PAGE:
If Picasso's work had been turned into a letter, what would the last line be? Would Pi make a great father? Does the world need more ninjas? If any of these questions spark your interest or you're ready to wax lyrical on any of these subjects, The World Scholar's Cup (WSC) could be for you (strictly for under eighteens with a penchant for alpacas*1).
Here at Tanglin we have had plenty of alpaca-hungry students who have pwaaformed*2 with alacrity at the WSC tournament since 2013. And they're not alone, this celebration of learning attracts thousands of participants each year, connecting students from different countries, curricula and cultural backgrounds who share a passion for learning (and alpacas).
Sophie Tottman (TTS graduate and WS), described WSC as an "international academic competition that never fails to satisfy my ceaseless curiosity about the world. I truly believe I've encountered some of the most brilliant minds this generation has to offer."
Teams from over 40 countries come together each year to explore a current global theme within which are specific topics based on six subject areas (Arts, History, Literature, Science, Social Studies, Special Area e.g. Crime & Justice). The four WSC tournament events: team debate, scholar's bowl (group quiz), scholar's challenge (quiz) and collaborative writing enable "students of all backgrounds to discover new strengths and practise new skills." (World Scholar's Cup 'Values and Vision' 2008). By bringing together subjects in team and individual events, not only do students deepen subject understanding, they also learn how to work together, connect subjects to each other and relate them to the world around us.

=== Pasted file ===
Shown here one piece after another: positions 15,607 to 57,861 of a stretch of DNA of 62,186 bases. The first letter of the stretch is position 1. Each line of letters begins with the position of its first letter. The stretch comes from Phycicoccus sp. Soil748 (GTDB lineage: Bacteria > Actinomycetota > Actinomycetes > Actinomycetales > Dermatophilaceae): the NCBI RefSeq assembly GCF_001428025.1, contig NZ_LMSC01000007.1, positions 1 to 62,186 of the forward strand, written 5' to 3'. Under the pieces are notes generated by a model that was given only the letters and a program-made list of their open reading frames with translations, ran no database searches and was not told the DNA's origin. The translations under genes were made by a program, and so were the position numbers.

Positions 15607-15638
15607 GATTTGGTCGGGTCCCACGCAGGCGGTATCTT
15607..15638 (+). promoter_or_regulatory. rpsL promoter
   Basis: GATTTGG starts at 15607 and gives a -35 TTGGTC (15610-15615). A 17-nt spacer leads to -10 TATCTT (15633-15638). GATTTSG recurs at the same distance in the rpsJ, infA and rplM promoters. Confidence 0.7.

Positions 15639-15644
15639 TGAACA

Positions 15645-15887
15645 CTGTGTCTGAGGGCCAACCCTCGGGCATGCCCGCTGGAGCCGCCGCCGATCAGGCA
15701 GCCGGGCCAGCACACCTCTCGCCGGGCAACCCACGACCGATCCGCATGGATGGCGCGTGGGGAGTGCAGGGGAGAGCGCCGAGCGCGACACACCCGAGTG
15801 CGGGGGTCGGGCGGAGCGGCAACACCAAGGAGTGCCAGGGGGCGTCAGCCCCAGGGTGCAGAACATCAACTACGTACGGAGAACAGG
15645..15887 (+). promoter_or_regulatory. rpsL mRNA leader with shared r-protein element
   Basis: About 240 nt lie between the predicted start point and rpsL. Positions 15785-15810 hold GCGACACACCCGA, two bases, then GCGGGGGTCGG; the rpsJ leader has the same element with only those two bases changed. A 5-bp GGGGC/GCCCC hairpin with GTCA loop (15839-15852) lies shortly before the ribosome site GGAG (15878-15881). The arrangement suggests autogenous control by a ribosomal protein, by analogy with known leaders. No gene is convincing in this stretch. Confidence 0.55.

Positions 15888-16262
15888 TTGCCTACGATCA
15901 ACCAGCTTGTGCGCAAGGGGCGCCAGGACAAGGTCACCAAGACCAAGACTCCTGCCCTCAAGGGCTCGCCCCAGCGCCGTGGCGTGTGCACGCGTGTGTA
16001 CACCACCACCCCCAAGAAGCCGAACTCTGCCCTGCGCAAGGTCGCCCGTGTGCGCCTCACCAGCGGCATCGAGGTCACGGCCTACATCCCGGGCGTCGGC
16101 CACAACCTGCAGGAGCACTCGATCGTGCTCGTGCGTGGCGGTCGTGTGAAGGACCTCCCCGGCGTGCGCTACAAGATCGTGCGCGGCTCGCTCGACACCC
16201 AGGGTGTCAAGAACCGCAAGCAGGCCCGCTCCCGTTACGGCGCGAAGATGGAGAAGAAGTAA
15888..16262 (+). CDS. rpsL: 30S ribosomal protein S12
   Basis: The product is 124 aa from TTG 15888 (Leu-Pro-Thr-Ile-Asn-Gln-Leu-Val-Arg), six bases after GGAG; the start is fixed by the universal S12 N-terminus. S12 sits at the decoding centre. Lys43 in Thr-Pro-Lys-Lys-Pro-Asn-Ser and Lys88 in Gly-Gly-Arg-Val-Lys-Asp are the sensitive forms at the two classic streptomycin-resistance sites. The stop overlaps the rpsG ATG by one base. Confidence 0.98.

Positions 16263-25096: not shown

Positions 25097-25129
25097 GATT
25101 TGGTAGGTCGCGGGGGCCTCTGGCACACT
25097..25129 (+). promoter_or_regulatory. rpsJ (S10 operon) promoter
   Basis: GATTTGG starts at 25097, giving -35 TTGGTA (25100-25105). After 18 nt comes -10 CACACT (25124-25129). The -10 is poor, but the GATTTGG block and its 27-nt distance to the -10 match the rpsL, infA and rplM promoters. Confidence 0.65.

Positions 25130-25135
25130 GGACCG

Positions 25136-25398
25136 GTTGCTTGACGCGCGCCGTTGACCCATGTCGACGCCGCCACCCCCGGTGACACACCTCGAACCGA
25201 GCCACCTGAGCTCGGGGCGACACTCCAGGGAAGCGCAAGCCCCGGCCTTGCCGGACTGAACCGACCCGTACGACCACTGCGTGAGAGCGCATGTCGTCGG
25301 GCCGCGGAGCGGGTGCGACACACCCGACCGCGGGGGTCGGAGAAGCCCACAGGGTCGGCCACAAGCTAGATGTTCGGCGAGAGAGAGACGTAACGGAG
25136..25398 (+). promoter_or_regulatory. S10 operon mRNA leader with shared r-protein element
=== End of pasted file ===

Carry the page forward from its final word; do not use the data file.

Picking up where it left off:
"Scholars has taught me many things, perhaps the most important is to keep an open mind. An open mind to the perspectives of my teammates whilst participating in team events such as debate but also to entirely new ideas, and experiences." Sasha, Year 11
For a competition that doesn't take itself too seriously, there are serious benefits to be gained from taking part. Students hone skills in public speaking, essay writing, logical and analytical thought, how to structure their ideas and build an argument as well as how to think on their feet and deliver cogent, on-the-spot responses. Above all there is the bond forged between Scholars.